ECB lax monetary policy increases wealth inequalities – economy

The lax monetary policy of central banks accentuates the division of society between rich and poor. There are good reasons for this claim, but monetary authorities have so far denied the claim. Their monetary policy ensures, according to the argument, stable prices, growth and therefore jobs. Politicians are responsible for matters of justice.

This “none of our business” phalanx seems to be breaking down. ECB Director Isabel Schnabel said in a speech that the central bank was not an “indifferent spectator” in this debate. Finally, there are fears that the monetary authorities will benefit owners of stocks and real estate by buying bonds. Schnabel speaks of the souls of many Germans.

The increasing concentration of wealth damages the putty of society. Germany is rich, the wealth of private households amounts to 7,300 billion euros. Yet these fortunes in cash, bank deposits, stocks and insurance claims are extremely unevenly distributed. Economists at the German Institute for Economic Research have calculated: The richest percentage of the population owns around 35 percent of its wealth, while the richest ten percent in Germany own two-thirds of total net wealth . And the little that remains is shared by the rest of the population.

Low wages benefit little from rising stock prices and house prices

The case of Germany is exemplary for many industrialized countries, in which the distribution of wealth has been increasingly inequitable in recent years. The lax monetary policy of central banks is believed to be one of the reasons for this accelerated development. The zero interest rate policy has enabled private households and professional investors to borrow cheaply to purchase real estate, while low interest rates have ensured a sharp rise in stock prices. The flagship Dax index has peaked after another. However, low-income households can hardly afford to buy stocks and real estate. You are excluded from this profit growth.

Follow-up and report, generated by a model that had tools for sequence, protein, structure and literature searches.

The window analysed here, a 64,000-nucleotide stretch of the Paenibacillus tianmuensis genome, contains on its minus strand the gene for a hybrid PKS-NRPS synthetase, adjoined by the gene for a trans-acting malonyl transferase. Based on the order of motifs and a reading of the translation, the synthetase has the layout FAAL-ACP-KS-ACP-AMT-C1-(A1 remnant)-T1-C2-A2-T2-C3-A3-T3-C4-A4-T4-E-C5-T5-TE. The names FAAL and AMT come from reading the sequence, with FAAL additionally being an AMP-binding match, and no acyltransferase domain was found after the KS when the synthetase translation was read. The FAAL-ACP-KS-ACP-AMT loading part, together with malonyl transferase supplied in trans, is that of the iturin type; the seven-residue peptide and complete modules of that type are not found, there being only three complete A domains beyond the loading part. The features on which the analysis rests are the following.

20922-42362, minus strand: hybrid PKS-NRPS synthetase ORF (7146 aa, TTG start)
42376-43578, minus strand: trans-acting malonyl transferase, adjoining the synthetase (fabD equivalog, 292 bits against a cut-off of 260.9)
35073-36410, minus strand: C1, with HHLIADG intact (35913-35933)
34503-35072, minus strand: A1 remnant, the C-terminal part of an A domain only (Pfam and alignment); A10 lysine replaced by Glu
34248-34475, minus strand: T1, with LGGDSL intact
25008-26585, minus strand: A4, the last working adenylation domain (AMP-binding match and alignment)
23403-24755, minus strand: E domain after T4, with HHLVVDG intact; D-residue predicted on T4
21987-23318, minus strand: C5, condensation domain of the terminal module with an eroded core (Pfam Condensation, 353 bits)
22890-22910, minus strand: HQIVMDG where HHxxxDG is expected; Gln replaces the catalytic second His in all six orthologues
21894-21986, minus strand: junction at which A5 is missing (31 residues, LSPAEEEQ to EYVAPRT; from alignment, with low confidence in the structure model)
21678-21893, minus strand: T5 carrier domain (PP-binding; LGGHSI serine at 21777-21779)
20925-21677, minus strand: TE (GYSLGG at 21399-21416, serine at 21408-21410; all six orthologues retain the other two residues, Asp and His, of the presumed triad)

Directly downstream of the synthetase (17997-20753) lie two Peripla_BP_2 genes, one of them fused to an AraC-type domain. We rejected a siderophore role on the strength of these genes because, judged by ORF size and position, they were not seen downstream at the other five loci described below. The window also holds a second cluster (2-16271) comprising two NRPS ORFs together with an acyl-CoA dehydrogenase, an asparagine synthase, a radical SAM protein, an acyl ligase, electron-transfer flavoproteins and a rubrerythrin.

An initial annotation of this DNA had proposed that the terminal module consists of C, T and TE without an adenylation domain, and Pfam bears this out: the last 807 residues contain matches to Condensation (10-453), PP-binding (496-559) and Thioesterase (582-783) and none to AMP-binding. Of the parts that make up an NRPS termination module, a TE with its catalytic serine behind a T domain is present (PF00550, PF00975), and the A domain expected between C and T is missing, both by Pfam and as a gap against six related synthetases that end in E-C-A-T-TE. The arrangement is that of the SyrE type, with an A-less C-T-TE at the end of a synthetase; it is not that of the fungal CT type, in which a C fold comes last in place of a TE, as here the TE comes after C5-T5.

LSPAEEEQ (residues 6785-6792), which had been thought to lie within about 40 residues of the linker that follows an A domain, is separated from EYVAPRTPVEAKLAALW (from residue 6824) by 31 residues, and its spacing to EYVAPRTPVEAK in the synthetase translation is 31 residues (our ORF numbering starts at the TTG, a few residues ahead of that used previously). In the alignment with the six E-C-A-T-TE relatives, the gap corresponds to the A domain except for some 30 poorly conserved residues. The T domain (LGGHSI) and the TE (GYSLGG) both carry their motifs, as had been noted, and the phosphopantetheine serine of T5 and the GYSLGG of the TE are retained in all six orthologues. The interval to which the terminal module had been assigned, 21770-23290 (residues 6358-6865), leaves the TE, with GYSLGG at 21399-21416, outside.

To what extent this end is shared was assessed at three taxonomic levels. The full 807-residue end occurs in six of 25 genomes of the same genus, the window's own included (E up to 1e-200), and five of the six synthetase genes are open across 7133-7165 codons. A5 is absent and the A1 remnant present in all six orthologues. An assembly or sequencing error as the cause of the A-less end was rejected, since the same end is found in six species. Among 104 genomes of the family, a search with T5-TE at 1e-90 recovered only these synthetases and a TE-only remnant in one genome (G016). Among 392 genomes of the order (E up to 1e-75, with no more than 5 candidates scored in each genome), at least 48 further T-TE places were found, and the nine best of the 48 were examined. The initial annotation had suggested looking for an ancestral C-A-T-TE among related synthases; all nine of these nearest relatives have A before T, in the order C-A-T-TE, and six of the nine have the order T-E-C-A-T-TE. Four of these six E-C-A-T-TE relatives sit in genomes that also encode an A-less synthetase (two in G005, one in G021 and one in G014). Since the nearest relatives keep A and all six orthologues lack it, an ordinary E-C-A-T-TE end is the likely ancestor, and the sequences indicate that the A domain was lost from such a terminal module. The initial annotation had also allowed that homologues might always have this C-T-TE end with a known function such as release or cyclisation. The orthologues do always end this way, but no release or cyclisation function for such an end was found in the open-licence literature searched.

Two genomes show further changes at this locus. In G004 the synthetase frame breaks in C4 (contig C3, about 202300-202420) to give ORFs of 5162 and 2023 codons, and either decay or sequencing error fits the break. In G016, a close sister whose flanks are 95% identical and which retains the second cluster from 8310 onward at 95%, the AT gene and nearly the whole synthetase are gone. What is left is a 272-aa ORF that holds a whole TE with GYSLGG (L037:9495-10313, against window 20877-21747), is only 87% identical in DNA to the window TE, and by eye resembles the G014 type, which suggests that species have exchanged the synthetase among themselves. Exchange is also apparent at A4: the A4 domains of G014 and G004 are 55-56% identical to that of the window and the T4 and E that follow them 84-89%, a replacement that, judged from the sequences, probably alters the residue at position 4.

At the same time, there is no doubt that accommodating monetary policy will stimulate the economy. It creates new jobs. The unemployed return to paid employment. In some sectors, wages also increase accordingly. The cheap central bank money is used by the poorest in society because it increases their chances of obtaining permanent employment. However, because of cheap money, the cost of housing increases, and this is precisely what the poorest suffer the most. House prices in Germany have increased by 60% since 2015. Since less than half of the German population owns their home, according to Schnabel, high prices could “trigger inequalities and social tensions”.

Schnabel positions itself as a keeper of the currency with social responsibility

The debate on these side effects of an accommodating monetary policy is long overdue. Schnabel is thus positioning himself in the fight for the successor of the outgoing President of the Bundesbank, Jens Weidmann, as guardian of the currency with social responsibility. It is no longer enough to talk about the key rate. Inequalities and climate change are also important issues. Then there is the core business, as prices are rising faster than expected. The rate of price increase in the euro area was 4.1% in October. If you include the cost of living in ownership, the value rises to 4.6%. In Germany, prices rose 4.5% on an annual basis, more than they have been for 28 years. Devaluation plus zero interest on the savings account – of course people are upset that the central bank is continuing its lax monetary policy.

The trillions of central bank bailouts have left their mark on society, both positive and negative. It is high time to take stock. People suspect that the end of bond purchases by the ECB is unrealistic despite high inflation, as many financially weak eurozone countries need help. But tolerated high energy and housing prices hit low-income groups harder than others. What can the ECB do to resolve these dilemmas? The central bank should answer this urgent question. It is about their credibility.

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